The Community and Public Sector Union (CPSU) and the CSIRO Staff Association have welcomed Prime Minister Malcolm Turnbull’s National Innovation and Science Agenda (NISA) as a first step towards repairing the damage caused by cuts to essential science and innovation spending.
“This agenda is a long overdue recognition from the Government that funding for organisations like the CSIRO and investment in innovation within the public sector are among the essential building blocks of a prosperous future for Australia,” CPSU National Secretary Nadine Flood said.
Damage already done?
“Unfortunately much of the damage that’s been caused by thoughtless budget cuts, including so-called efficiency dividends, can only be partially repaired through these measures. Once scientists are cut, as one if five has been from the CSIRO over the past two years, that loss of knowledge and expertise can never be fully recovered.”
“We’re encouraged by Prime Minister Turnbull’s rhetoric that he wants the Government to lead by example by becoming more innovative in delivering services, but he’s ignored the reality that the private sector has invested sensibly in digital transformation while the Government has been haphazardly slashing public sector jobs and capability in a way that makes it significantly harder to turn his vision into reality,” Ms Flood said.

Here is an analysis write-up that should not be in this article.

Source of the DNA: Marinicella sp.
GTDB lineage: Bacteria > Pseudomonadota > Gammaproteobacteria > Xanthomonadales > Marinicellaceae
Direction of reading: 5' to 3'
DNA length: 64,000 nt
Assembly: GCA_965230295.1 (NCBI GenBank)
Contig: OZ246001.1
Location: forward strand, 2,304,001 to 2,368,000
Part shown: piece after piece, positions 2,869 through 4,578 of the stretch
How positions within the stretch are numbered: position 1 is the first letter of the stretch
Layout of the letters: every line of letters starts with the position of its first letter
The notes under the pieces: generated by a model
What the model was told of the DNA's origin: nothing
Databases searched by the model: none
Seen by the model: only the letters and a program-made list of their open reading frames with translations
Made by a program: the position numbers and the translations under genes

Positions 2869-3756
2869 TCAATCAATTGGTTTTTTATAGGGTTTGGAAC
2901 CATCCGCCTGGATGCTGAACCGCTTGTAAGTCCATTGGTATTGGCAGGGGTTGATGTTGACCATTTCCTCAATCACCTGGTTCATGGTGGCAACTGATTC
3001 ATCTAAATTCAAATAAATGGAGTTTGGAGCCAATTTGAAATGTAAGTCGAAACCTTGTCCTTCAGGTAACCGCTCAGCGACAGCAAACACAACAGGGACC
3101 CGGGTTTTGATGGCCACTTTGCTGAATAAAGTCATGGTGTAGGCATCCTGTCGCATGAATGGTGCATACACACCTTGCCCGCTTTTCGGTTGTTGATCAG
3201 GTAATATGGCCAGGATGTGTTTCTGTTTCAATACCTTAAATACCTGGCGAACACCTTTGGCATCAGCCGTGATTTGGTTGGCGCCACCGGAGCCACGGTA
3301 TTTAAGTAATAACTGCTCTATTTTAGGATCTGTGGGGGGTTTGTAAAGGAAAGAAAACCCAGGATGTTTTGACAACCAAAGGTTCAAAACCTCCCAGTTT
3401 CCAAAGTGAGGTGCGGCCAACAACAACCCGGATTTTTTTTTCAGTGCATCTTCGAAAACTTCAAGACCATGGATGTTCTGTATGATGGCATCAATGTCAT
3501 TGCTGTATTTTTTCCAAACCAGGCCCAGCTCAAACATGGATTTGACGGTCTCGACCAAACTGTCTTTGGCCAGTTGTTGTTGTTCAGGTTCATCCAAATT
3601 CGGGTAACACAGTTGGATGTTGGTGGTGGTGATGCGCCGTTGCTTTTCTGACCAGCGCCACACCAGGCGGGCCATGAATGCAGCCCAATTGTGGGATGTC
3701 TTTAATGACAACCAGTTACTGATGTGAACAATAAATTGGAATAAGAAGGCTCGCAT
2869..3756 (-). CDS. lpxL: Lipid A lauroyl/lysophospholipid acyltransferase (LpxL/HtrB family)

Step in the right direction
Some of the features of the innovation statement include:
- A CSIRO innovation fund of about $200 million to support co-investment in new companies based on intellectual property created by Australian research institutions. The fund includes $70 million from the government, private sector investment and new revenue from CSIRO’s Wi-Fi (WLAN) program.
- $20 million expansion to CSIRO’s Accelerator programme to include other publicly funded research organisations to commercialise research.
- $294 million for the Square Kilometre Array radio telescope project.
- $75 million for Data61, a new entity resulting from the merger between National ICT Australia (NICTA) and CSIRO’s digital productivity flagship.
- The announcement of a new Cooperative Research Centre funding round to open in February 2016.
“There’s no doubt that this is a change in direction from the policies of the Abbott Government. In many respects the damage to CSIRO has already been done via drastic funding cuts, the cancellation of critical research and the loss of 1,400 jobs over a two year period,” said CSIRO Staff Association Secretary Sam Popovski.
“More still needs to be done to rebuild Government laboratories. Research and development funding in Australia still lags significantly behind successful innovative competitor nations in the OECD.”